The use of laminated glass in structural applications has become more recognized and preferred as a safer choice to monolithic tempered or heat strengthen glass.
Engineers and designers are using glass in increasingly demanding applications such as stairs, floors, bridges, large minimally supported facades and overhead glazing. The use of laminated glass in structural applications has become more recognized and preferred as a safer choice to monolithic tempered or heat strengthen glass. Structural interlayers are stiff interlayers that increase the safety of the laminated glass by increasing the strength.
There are two options when choosing a structural interlayer, Stiff PVB or ionoplast interlayer. Both interlayers provide improved post breakage strength and structural benefits; however, some significant differences in properties that affect the final laminate performance exist. Applications that require high temperatures above 30°C or long load duration’s, ionoplast interlayers perform the best.
Ionoplast interlayers require some special processing to ensure optimum quality of the final laminate such as lamination to tin side of glass and fast cooling rate in the autoclave to prevent haze formation. In the case of multi-ply laminations, a primer is needed for proper adhesion to the air side of the glass. Recent developments in Ionoplast have greatly improved the lamination processability with improved adhesion to the air side of glass and haze less dependent on autoclave cooling rate.
The use of laminated glass greatly increases the safety of monolithic glass because of its glass retention properties. When laminated glass breaks, the glass will remain in place providing protection from glass shards. While the glass retention provides some level of protection once the glass is broken, the post breakage strength can be compromised reducing its ability to withstand loads. Laminated annealed glass provides some residual post breakage strength due to the breakage pattern; however, laminated tempered glass is very poor. Laminated tempered glass when broken breaks in very small pieces and will quickly lose its ability to bear any load.
Structural interlayers are stiff interlayers that provide a coupling effect with the glass, which increases the effective thickness of the laminate. This creates stronger laminates allowing the use of thinner glass or higher or longer load durations. Laminated glass with structural interlayer has much higher strength and can be used in more demanding glass applications such as minimally supported, floors, stairs, railings and very large glass panels. Structural interlayers have much improved post breakage performance when compared to standard interlayers. This greatly improves human safety.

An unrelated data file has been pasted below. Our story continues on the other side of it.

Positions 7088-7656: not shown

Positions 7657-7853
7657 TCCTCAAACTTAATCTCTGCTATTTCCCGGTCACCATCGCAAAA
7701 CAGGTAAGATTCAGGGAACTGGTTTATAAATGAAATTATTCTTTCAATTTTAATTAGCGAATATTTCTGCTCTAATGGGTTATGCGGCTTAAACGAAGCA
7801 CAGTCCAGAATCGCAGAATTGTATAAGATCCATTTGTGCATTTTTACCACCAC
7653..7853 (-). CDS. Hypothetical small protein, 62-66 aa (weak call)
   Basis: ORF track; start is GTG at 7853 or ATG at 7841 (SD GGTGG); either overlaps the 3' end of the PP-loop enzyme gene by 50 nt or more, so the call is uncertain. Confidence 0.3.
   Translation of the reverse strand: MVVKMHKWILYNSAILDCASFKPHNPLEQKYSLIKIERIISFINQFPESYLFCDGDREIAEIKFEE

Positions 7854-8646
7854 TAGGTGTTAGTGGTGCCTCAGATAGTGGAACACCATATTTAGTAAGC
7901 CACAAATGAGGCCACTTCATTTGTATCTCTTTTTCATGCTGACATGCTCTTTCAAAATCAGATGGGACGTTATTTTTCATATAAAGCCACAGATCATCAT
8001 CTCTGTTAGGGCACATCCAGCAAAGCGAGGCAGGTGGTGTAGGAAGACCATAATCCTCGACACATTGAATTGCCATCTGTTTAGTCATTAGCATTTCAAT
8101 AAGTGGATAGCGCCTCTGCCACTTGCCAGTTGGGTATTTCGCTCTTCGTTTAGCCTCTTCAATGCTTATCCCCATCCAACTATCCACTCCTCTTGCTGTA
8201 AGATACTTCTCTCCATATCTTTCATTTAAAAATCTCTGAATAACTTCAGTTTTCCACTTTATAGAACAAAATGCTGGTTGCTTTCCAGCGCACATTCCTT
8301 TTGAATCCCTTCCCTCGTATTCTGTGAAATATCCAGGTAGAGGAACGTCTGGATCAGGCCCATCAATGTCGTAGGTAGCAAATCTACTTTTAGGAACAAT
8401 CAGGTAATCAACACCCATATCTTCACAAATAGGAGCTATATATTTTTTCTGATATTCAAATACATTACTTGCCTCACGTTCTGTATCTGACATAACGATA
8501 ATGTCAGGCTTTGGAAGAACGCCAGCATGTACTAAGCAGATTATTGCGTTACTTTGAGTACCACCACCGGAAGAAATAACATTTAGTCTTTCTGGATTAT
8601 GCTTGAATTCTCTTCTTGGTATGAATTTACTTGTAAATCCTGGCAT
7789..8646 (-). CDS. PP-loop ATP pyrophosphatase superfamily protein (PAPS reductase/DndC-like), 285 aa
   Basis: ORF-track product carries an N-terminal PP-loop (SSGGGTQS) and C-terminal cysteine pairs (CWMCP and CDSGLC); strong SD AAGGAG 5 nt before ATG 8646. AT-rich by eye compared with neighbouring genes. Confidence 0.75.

Types of structural interlayers
Today there are two types of structural interlayers, Stiff PVB and Ionoplast interlayer. Stiff PVBs are based on PVB chemistry with lower levels of plasticizer, which increases the modulus. Ionoplast interlayers contain no plasticizer and are based on unique ionoplast chemistry.
Stiff PVB provides structural performance at moderate temperatures while Ionoplast interlayers provide structural performance over a broader range of temperatures because of the unique chemistry.
Ionoplast interlayers have a very different chemistry than that of PVB. Ionoplast is a semi crystalline polymer while PVB is more amorphous. This unique chemistry gives the high strength, tear resistance and enhanced structural properties. This also results in Ionoplast requiring slightly modified processing when compared to PVB. Special lamination settings are required to achieve the optimum adhesion and optics.
The lamination must be done using the tin side of glass or when not possible using a primer to achieve good adhesion. To eliminate haze, which is caused by the polymers crystallinity, the cooling rate in the autoclave must be fast enough to prevent haze formation. If the laminate does show unacceptable levels of haze, it can easily be fixed by re-autoclaving the laminate.
When processed properly the final laminate has very high adhesion and superior optical quality.
Ionoplast for improved processing
The objective of the development of a next generation ionoplast was to design it to be able to process closer to PVB while maintaining the same structural properties as Ionoplast.